USDA data indicates that the Supplemental Nutrition Assistance Program (SNAP) provides food security

USDA data indicates that the Supplemental Nutrition Assistance Program (SNAP) provides food security

but it is administered by the states, leading to inconsistent distribution of benefits across the nation.

Across all states, the eligibility requirements and benefit levels are the same except in Alaska and Hawaii.

According to the U.S. Census Bureau, the method by which benefits are calculated varies from state to state.

In New Hampshire, for instance, only 6% of the population participates in SNAP, and they receive a relatively

low payment of $110 per month. Approximately 17% of Louisiana's population receives SNAP, and they receive an average of $135 a month.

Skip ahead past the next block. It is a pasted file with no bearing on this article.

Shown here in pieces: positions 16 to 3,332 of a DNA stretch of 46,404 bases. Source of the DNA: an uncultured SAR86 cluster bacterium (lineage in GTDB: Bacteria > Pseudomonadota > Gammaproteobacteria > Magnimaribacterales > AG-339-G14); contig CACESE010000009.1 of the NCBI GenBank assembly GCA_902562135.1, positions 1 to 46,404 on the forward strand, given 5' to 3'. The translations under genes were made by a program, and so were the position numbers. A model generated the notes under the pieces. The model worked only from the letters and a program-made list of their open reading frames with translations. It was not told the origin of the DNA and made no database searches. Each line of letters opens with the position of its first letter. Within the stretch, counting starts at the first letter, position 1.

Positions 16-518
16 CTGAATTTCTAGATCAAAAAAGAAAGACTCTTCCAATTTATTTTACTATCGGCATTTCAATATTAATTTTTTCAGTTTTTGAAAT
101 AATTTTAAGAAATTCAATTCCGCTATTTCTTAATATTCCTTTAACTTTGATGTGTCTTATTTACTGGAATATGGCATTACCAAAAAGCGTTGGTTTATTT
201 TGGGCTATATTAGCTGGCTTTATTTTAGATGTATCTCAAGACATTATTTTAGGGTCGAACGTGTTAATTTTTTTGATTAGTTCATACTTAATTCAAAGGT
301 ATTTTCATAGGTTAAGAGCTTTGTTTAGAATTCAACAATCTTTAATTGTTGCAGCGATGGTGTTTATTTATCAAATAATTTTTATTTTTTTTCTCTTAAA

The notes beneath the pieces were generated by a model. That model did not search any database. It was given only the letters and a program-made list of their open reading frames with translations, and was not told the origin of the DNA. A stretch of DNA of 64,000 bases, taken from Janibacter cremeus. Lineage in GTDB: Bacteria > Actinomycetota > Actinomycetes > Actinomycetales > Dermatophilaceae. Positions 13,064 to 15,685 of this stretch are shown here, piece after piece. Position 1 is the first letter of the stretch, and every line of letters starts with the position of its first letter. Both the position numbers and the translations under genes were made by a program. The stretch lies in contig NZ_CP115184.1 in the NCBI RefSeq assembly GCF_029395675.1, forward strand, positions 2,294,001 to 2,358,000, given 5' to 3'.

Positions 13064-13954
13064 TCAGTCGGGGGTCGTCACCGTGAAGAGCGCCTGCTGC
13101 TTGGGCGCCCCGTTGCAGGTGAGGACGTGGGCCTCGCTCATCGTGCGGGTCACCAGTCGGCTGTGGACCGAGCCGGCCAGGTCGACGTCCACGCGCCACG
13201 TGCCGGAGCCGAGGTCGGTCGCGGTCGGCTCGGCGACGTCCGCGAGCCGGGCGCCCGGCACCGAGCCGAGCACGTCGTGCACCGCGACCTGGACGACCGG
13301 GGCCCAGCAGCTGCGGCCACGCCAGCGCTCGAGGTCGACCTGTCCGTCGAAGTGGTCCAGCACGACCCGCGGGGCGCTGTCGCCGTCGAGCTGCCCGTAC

A state with a large population has more SNAP recipients, and a state with a high poverty rate has more residents eligible for the program.

States can even change the name of the program. For example, Wisconsin's program is called FoodShare. It's called CalFresh in California. Utah still calls it food stamps.

As part of the social safety net, SNAP plays a vital role. Learn how SNAP is distributed by each state.

For 2022, there will be more household and individual allotments

Cost of living adjustment (COLA) for SNAP will be implemented in 2022, the USDA announced in 2021.

According to the changes, the maximum monthly allotment for a family of four has been raised to $835 in the 48 contiguous states and Washington, D.C.

Alaskans who live in rural or urban areas can now get between $1,074 and $1,667 per month for a family of four.

According to Hawaii's COLA, a family of four can spend $1,573 per month.

In the District of Columbia and the Lower 48, Alaska is $26 to $40, and Hawaii is $38.

Also raised were benefits for Guam and the U.S. Virgin Islands.

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